The retail giant has upset its suppliers with a surprise take-it-or-leave-it cost reduction. Jan Cavelle urges small and mid-sized manufacturers to rebel against these tactics.
Last July, Laura Ashley were able to report £18.8m annual profits, with a 4.1 per cent increase in UK retail sales in the first 18 weeks of the year alone - combined with an 18.8 per cent year-on-year website sale increase.
The business is credited with having successfully combined showrooms, where customers can do the "touchey feeley" bit, with an online shopping facility. The second half of last year showed similar results, with sales growth coming in at 4.2 per cent until September.
This was the second year running in which the company was able to send its share values soaring when other retailers were finding it tough. All credit to their Malaysian chief executive, who has brought the company back from the brink of 2003.
However, for a company that claims it has “very strong and long term relationships” with its suppliers, it has come into some extremely bad press this week. These stakeholders they supposedly hold so dear were dealt a heavy blow earlier this month when, without warning, letters arrived on their doormats demanding an immediate cost reduction of 10 per cent with the none-too-veiled threat that getting this would save them the process of reviewing their supplier database. Suppliers have not even been given any warning but have been told to apply the slash to existing orders.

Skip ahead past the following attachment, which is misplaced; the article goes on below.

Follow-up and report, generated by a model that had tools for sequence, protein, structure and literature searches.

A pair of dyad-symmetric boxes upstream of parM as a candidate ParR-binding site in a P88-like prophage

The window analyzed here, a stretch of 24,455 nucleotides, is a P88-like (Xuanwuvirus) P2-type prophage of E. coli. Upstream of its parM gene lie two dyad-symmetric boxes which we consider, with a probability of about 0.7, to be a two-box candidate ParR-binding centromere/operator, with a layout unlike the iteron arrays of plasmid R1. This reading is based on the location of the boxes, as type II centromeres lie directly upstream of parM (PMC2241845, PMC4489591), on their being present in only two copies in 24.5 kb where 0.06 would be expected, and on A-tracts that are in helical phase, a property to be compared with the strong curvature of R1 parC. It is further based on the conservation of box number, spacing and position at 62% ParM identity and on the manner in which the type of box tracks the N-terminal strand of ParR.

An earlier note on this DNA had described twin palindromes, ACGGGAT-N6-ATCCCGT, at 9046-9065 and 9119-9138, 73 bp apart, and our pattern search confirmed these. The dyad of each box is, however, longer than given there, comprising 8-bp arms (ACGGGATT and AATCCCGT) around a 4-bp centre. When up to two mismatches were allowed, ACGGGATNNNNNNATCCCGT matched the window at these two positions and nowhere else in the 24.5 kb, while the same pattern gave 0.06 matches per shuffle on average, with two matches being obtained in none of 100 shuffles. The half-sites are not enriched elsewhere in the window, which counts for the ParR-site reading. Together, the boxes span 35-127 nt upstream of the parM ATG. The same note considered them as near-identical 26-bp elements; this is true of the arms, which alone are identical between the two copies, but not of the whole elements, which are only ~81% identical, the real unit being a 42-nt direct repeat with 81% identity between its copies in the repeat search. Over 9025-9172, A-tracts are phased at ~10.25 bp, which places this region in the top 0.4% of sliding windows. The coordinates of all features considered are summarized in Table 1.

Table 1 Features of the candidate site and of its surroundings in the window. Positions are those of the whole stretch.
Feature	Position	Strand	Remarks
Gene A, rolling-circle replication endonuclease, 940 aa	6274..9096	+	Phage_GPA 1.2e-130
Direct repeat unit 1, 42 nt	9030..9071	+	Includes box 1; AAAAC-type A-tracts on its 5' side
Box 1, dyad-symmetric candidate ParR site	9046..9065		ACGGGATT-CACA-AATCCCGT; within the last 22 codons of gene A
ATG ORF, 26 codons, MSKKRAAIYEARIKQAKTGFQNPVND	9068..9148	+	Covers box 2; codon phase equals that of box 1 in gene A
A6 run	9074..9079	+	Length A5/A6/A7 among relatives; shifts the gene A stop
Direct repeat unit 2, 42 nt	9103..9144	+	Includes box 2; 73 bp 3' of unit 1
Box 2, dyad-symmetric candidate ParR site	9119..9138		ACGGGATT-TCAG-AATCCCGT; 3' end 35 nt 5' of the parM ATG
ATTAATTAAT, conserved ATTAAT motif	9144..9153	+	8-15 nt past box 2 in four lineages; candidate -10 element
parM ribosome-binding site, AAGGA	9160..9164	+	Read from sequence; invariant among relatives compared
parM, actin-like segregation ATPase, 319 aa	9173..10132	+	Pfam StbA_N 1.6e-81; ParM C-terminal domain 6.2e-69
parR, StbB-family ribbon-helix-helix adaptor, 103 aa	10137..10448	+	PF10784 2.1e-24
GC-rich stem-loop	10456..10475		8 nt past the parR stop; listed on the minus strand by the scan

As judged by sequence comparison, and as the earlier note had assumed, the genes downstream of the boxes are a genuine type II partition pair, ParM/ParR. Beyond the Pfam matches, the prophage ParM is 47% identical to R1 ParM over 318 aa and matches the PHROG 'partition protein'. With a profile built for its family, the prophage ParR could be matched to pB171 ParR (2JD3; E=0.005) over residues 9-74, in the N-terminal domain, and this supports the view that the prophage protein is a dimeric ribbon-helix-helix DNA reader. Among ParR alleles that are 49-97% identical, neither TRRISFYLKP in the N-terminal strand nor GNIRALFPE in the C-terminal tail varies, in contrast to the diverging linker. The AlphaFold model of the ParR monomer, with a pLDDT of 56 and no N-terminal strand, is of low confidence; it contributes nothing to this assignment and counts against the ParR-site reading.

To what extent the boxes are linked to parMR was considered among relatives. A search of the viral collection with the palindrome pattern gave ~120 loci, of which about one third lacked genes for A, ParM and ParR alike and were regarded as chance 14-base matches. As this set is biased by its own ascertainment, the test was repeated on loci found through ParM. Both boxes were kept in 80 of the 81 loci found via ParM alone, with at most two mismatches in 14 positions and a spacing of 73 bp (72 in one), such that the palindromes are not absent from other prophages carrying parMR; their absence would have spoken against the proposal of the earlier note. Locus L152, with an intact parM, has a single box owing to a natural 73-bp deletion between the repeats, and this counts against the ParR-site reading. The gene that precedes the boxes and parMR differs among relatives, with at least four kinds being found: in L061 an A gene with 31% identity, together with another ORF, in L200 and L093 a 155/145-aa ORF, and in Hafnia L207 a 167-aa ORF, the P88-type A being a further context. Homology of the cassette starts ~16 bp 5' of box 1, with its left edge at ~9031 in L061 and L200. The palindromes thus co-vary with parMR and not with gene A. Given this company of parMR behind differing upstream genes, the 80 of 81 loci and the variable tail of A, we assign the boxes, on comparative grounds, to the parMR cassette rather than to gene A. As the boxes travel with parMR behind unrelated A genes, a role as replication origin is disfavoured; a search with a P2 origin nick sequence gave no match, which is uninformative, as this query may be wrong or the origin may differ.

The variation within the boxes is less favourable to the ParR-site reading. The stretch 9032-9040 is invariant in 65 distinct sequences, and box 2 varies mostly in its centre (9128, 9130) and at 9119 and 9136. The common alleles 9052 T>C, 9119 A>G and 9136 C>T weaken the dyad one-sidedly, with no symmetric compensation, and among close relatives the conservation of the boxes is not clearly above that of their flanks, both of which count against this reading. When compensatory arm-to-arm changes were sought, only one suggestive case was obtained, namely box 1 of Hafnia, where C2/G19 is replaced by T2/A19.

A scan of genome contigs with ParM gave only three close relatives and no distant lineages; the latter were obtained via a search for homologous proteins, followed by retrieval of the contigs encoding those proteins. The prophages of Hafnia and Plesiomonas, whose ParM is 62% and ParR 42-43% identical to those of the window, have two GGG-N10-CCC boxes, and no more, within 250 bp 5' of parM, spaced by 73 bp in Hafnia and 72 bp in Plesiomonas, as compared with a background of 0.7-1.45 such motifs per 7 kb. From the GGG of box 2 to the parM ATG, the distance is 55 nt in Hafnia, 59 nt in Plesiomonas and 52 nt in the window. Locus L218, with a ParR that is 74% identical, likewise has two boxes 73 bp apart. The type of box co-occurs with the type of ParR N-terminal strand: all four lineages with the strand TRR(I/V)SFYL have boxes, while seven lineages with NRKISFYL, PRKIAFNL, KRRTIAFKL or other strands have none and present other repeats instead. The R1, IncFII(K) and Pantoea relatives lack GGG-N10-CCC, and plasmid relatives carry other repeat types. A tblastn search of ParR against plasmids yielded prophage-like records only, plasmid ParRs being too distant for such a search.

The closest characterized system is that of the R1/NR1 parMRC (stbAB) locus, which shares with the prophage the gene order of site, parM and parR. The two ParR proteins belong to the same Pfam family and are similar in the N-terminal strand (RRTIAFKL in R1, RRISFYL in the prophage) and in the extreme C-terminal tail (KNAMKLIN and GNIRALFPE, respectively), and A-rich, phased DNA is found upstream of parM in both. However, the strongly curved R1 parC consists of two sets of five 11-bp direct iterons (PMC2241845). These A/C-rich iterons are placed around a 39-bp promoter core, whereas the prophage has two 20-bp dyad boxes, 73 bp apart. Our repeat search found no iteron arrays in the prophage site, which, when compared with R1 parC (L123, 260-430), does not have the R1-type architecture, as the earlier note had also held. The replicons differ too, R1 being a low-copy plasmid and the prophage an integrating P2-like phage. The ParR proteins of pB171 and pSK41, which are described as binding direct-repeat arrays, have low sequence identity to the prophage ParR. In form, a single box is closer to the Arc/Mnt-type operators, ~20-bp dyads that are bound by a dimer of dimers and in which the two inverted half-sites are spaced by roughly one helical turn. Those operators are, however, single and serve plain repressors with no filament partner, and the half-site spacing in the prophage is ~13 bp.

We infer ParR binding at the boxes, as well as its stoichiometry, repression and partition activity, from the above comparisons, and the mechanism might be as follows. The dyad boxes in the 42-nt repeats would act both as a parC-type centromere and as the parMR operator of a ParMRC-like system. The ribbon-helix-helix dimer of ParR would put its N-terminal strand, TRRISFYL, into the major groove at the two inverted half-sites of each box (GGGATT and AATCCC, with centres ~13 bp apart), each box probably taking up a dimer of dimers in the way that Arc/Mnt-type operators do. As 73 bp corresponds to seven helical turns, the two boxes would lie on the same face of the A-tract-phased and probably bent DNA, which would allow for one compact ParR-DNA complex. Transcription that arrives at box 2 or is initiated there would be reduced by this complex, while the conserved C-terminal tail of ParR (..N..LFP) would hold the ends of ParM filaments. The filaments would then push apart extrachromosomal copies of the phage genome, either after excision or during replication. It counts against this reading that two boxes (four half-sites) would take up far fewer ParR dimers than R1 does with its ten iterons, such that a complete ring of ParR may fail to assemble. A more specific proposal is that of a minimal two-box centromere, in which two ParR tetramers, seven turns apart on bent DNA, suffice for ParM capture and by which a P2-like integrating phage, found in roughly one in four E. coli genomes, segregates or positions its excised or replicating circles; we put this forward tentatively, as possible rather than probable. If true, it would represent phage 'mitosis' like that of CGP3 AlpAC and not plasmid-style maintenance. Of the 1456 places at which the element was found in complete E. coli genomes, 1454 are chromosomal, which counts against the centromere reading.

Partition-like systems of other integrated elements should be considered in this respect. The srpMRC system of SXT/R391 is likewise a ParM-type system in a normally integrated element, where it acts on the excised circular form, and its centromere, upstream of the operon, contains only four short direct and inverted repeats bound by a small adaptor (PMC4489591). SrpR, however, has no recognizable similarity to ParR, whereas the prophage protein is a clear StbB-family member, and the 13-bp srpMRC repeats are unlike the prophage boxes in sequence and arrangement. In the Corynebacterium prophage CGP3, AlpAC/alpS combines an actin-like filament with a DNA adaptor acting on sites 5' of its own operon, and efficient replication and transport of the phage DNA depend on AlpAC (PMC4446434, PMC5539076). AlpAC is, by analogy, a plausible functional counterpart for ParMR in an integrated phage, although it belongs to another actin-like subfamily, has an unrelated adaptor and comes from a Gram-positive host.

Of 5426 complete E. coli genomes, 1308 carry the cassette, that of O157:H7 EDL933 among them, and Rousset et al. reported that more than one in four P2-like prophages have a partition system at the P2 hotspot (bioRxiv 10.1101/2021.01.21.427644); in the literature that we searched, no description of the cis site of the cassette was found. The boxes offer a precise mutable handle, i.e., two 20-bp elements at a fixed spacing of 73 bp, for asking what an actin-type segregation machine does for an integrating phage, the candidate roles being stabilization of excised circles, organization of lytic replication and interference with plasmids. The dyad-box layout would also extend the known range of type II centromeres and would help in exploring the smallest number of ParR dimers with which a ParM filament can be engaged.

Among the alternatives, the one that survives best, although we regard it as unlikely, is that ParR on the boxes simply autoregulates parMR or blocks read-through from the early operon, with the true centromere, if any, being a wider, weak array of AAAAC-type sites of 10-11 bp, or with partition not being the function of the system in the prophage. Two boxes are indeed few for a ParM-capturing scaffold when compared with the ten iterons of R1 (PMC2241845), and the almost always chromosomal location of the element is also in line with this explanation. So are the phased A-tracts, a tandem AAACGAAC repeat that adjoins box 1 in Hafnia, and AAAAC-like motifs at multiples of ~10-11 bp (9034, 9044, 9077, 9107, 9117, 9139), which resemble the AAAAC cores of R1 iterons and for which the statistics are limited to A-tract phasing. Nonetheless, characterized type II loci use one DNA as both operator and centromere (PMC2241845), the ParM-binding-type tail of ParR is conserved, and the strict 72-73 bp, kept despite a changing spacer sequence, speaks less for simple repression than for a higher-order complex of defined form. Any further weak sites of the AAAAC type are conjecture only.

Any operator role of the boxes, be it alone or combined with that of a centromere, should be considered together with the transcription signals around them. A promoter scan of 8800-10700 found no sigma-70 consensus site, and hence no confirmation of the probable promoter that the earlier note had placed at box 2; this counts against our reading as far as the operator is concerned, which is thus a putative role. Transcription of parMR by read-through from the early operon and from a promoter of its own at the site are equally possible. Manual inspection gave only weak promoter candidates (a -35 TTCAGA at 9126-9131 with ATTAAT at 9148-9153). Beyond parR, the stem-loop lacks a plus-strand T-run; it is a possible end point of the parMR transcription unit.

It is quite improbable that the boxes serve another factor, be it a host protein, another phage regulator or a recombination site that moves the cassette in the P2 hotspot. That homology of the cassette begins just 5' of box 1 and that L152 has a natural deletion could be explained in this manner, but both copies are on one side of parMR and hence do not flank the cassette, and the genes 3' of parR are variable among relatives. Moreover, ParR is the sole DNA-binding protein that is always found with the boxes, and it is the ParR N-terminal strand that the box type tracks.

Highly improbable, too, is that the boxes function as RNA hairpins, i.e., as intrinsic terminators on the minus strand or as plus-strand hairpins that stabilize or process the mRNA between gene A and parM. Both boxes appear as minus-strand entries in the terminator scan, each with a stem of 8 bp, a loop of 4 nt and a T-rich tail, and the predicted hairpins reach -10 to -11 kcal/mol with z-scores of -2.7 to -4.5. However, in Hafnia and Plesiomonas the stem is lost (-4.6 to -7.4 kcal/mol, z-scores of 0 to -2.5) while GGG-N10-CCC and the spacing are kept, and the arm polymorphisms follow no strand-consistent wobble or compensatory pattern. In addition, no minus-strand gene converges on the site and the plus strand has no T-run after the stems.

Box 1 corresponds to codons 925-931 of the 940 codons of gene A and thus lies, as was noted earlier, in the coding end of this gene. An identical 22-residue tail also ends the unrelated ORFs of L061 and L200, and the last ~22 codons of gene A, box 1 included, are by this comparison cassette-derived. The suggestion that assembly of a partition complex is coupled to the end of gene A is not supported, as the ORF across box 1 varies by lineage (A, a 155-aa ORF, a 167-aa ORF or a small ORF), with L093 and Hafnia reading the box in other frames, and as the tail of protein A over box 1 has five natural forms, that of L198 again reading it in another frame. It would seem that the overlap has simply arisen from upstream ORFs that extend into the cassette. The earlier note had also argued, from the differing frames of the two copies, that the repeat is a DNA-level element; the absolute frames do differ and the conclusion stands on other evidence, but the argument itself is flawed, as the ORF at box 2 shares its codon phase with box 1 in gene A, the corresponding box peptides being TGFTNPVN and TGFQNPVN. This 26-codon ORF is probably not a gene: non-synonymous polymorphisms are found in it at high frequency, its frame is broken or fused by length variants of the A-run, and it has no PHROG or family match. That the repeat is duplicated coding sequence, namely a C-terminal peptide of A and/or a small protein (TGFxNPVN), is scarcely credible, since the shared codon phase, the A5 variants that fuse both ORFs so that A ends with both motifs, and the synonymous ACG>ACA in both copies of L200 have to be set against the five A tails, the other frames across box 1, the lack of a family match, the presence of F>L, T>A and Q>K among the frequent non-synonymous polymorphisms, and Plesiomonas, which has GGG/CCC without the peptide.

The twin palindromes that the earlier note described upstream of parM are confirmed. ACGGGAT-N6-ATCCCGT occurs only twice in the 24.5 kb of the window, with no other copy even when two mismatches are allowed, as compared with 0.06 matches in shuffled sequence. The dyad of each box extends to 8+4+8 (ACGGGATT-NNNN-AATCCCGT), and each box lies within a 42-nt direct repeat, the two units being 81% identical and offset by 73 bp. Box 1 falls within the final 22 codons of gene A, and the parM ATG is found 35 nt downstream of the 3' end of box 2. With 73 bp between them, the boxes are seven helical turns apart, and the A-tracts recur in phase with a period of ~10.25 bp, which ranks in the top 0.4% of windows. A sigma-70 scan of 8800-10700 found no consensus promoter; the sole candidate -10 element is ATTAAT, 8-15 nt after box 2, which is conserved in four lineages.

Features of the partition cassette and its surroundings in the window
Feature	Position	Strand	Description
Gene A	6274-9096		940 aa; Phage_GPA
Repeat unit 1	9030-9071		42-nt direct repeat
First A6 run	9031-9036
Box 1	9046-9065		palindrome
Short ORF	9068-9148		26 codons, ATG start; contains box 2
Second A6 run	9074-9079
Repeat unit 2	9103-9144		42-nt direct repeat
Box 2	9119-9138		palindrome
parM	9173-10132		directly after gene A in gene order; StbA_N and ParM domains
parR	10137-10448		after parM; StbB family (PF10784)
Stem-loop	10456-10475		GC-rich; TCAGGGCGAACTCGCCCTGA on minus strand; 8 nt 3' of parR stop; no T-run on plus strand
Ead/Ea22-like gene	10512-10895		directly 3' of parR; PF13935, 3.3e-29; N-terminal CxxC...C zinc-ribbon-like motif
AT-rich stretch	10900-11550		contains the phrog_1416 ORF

The FPB (Forum of Private Business) has quite rightly declared it “supplier abuse, lazy and destructive.”
Laura Ashley are not the only ones. Debenhams told their suppliers their intention to cut prices by two per cent and swop payment terms from 90 to 120 days. John Lewis announced they expected up to a 5.25 per cent rebate on annual sales, having shown a 16 per cent increase in pre-tax profits. Monsoon reported profits of £100m and equally informed their suppliers at the end of last year that they would be discounting supplier payments by four per cent and extending payment terms from 60 to 90 days.
Many moons ago, I extracted myself from a deal to supply furniture to Laura Ashley. Farmer’s daughter that I am, I had been weaned on horror stories of parental peers being squeezed out of business by this sort of behaviour from giant food retailers. I never regretted my decision.
Profits in British manufacturing are minimal. Many small firms are in permanent cash flow crisis. The behaviour of these major players will ensure many more go resoundingly bust, either losing their main customer by taking a stand, or attempting the impossible of surviving on too smaller margins and too longer credit terms. Ironically, such behaviour and its results will therefore only lengthen the recession in Britain, ensuring more people out of work and less cash available to spend at their greedy little tills.
Do not doubt for a minute that they will continue this behaviour for as long as they can. Do not doubt that we will have to read more of their increased profits. Their tactics are obscene.
It is easy to be swayed by the bright lights of huge contracts but it is also a sharp ride towards inevitable business failure. Bullies continue to bully until someone takes a stand. I absolutely urge all British manufacturers to say no to these companies and to never take on their business.
Photo via Flickr / ell brown
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